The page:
To settle an Securities and Exchange Commission case, Maxwell Technologies, Inc. and one of its former sales executives and officers, Van Andrews, have agreed to pay $2.8M and $50K in penalties, respectively, but without denying or admitting to the regulator’s allegations. They are not, however, admitting to or denying the SEC’s finding that they were involved a fraudulent revenue scam that inflated the energy storage company’s reported financial results.
The regulator’s order said that the company acknowledged revenue from ultracapacitor sales “prematurely” so as to better fulfill the expectations of analysts. Andrews is accused of inflating revenues through secret customer deals and by doctoring records to hide the scam from outside auditors, as well as company finance and accounting staff.
As part of his settlement, Andrews is barred for five years from taking on an officer or director role in a public company. Also settling charges against them related to this matter are ex-Maxwell CEO David Schramm, who will pay almost $80K in disgorgement and prejudgment interest, plus a penalty. Ex-Maxwell controller James DeWitt will pay a $20K penalty. The two men are accused of not doing an adequate enough job of addressing red flags indicating that misconduct may have been afoot. Ex-Maxwell CFO Kevin Royal has not been charged by the SEC with wrongdoing. However, he repaid the company the $135,800 in compensation he received during the time that the alleged accounting violations are said to have occurred.
Canadian Company is Accused of Foreign Corrupt Practices Act Violations
Kinross Gold Corporation has settled an SEC case accusing the company of violating the Foreign Corrupt Practices Act (FCPA). Without denying or admitting to the regulator’s findings, Kinross Gold will pay $950K. It has also consented to a cease-and-desist order and for a year will report on the remedial steps it intends to take.
The SEC’s order states that in 2010, Kinross Gold acquired two African subsidiaries for $7.1B even though it knew that they didn’t have the proper controls and programs related to accounting and anti-corruption compliances. Even though a number of audits noted these deficiencies, Kinross Gold took three years to put the proper controls in place. After that, contends the regulator, the company did not “maintain them.”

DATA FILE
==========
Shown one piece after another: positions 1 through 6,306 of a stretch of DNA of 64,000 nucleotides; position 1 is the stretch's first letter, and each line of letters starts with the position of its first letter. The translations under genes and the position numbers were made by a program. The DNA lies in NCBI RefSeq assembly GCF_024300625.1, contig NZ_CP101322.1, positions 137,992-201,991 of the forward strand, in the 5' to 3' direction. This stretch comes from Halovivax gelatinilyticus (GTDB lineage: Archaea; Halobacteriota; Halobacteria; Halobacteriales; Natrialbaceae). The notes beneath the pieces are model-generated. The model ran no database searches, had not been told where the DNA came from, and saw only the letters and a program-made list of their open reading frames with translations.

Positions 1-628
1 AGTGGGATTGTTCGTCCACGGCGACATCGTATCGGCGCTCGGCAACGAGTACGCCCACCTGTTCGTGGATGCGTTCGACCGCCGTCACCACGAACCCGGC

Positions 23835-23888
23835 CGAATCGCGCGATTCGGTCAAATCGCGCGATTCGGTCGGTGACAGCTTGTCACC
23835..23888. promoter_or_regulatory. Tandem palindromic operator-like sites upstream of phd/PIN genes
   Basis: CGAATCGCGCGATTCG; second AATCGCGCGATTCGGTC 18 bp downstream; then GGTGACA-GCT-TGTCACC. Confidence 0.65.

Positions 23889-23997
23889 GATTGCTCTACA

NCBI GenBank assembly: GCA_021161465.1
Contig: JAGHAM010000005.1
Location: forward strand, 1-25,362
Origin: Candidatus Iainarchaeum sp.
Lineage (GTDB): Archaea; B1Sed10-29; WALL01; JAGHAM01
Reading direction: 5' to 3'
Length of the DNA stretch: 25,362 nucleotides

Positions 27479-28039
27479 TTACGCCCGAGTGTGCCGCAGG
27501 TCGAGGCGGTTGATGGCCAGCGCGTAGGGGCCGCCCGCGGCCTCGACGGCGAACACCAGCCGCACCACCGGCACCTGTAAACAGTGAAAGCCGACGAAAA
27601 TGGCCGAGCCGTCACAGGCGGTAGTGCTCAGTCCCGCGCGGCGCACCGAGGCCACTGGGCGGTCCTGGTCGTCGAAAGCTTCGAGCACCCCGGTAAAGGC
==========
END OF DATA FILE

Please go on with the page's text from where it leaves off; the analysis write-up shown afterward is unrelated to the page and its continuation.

The SEC also found that Kinross Gold awarded a logistics contract to a company preferenced by government officials in Mauritania (even though the company had “poor technical capabilities” and was considered a “high-cost provider”), failed to conduct the proper due diligence before contracting a consultant with political connections to help it make contacts with senior Mauritanian government officials, and paid consultants and vendors without first making sure that these fees were in line with policies restricting payments that were not proper.
Improper Audits Lead to Penalties and Disgorgement
In an unrelated SEC case, the regulator is accusing foreign affiliates of BDO Canada, Deloitte & Touche, and KPMB of conducting improper audits that involved avoiding Public Company Accounting Oversight Board oversight. To settle the charges, but without denying or admitting to the findings, BDO Canada will pay a $40K penalty, Deloitte in Zimbabwe will pay disgorgement plus interest of $99K, and KPMG in Africa will pay a $100K penalty, as well as disgorgement and interest of over $141K.
The regulator claims that KMPG and Deloitte & Touche Zimbabwe affiliates did an improper job of auditing most of the revenues and assets of a publicly trading company and did not register with PCAOB. Meantime, main auditors BDO and a KMPG South African affiliate are accused improperly depending on unregistered foreign auditors to fulfill company audits. The SEC said that this violates PCAOB standards, which mandates adequate inquiry and analysis when working with a different auditor.
Foreign Affiliates of KPMG, Deloitte, BDO Charged in Improper Audits, SEC, March 13, 2018
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